#25 SQL Injection

One of the most common security problems for dynamic sites is SQL Injection. Thankfully Rails does everything it can in solving this issue, but you still need to be aware of it.

#25 SQL Injection

One of the most common security problems for dynamic sites is SQL Injection. Thankfully Rails does everything it can in solving this issue, but you still need to be aware of it.

#24 The Stack Trace

The stack trace can be a very useful tool when it comes to debugging. Learn the ins and outs of how the stack trace works in this episode. Note: I am using an older version of the Rails bundle here so it might be a little different than yours. The command in the newer version is called Install Plugin and requires you to type textmate_footnotes in the search.

#24 The Stack Trace

The stack trace can be a very useful tool when it comes to debugging. Learn the ins and outs of how the stack trace works in this episode. Note: I am using an older version of the Rails bundle here so it might be a little different than yours. The command in the newer version is called Install Plugin and requires you to type textmate_footnotes in the search.

Zed Shaw – Ruby on Rails Podcast

The author of Mongrel talks about its development and condemns HTTP while offering to save the internet with hate.
Also mentioned:

Zed Shaw – Ruby on Rails Podcast

The author of Mongrel talks about its development and condemns HTTP while offering to save the internet with hate.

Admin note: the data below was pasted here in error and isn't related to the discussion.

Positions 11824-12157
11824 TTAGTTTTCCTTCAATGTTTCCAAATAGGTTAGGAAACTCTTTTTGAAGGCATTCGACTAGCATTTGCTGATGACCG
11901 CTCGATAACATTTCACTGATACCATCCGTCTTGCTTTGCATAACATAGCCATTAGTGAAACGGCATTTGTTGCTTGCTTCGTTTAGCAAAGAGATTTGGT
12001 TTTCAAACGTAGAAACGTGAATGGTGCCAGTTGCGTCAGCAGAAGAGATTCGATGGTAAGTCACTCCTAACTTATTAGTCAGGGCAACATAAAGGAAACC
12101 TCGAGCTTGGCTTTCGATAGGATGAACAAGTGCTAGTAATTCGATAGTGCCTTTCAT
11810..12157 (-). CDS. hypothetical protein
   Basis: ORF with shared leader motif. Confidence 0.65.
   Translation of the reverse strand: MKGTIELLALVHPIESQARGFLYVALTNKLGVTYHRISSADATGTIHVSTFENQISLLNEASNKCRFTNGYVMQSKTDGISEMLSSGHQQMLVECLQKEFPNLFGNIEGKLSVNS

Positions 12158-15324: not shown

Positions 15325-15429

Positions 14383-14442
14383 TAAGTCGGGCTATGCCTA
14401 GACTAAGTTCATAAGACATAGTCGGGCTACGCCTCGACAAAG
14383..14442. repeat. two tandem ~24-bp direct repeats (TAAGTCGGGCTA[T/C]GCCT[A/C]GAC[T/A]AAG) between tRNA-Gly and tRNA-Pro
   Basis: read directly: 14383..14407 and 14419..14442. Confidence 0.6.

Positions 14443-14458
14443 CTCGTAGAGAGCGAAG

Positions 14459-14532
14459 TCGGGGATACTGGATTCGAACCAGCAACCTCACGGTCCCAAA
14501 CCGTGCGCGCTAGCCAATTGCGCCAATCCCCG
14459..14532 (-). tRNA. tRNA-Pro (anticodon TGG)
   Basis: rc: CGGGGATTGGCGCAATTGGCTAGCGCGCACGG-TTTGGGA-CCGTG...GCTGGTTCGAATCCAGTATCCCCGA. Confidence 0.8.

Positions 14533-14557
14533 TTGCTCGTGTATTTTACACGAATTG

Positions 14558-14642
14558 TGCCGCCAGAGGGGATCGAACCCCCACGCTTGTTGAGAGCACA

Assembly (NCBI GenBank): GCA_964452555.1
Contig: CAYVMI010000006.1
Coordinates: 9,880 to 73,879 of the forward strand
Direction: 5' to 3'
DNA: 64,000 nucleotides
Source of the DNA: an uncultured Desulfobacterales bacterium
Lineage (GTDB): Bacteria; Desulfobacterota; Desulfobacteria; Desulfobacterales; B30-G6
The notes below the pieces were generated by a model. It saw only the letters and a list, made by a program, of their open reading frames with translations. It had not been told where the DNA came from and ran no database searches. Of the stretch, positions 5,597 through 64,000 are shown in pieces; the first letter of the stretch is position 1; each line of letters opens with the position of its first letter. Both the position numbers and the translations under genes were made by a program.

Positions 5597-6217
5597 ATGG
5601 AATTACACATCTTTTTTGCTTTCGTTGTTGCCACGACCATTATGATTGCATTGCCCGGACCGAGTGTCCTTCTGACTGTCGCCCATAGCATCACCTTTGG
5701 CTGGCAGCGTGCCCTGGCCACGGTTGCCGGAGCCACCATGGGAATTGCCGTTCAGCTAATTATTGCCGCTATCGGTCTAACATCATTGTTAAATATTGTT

Also mentioned:

#23 Counter Cache Column

If you need to display the record count for a has_many association, you can improve performance by caching that number in a column.

#23 Counter Cache Column

If you need to display the record count for a has_many association, you can improve performance by caching that number in a column.

#22 Eager Loading

One way to improve performance is to cut down on the number of SQL queries. You can do this through eager loading. Learn all about it in this episode!

#22 Eager Loading

One way to improve performance is to cut down on the number of SQL queries. You can do this through eager loading. Learn all about it in this episode!

TextMate filetype detection for script/runner Rails scripts

So you’re building some righteous automation for your killer web 2.0 app, placing scripts in RAILS_ROOT/script that you can call from cron for nightly maintenance, etc. To bootstrap your rails environment, you decide to use the shebang feature of script/runner, available since changeset 5189. When you start to edit the script in TextMate (you are using TextMate, aren’t you?) there is no syntax highlighting to be found! It’s all plain text with no colors, and none of your ever-so-helpful keyboard macros work! Frightful. Well, take a deep breath, because together, we’re going to get the filetype detection magic working for you.

Before we get started, it’s helpful to know how filetype detection works. TextMate does a couple of different types of filetype detection — the first is based off of the extension, so if you named your script with a .rb extension, you are probably wondering what in the world I’m rambling about. Dude. It just works.

However, if you followed the rails convention for scripts, and did not use an extension with your filename, keep reading. The second type of detection works by scanning the so called “shebang” line at the top of the script which tells the shell (and in this case TextMate) which interpreter to use to evaluate your script — this is how we will tell TextMate that script/runner really means ruby.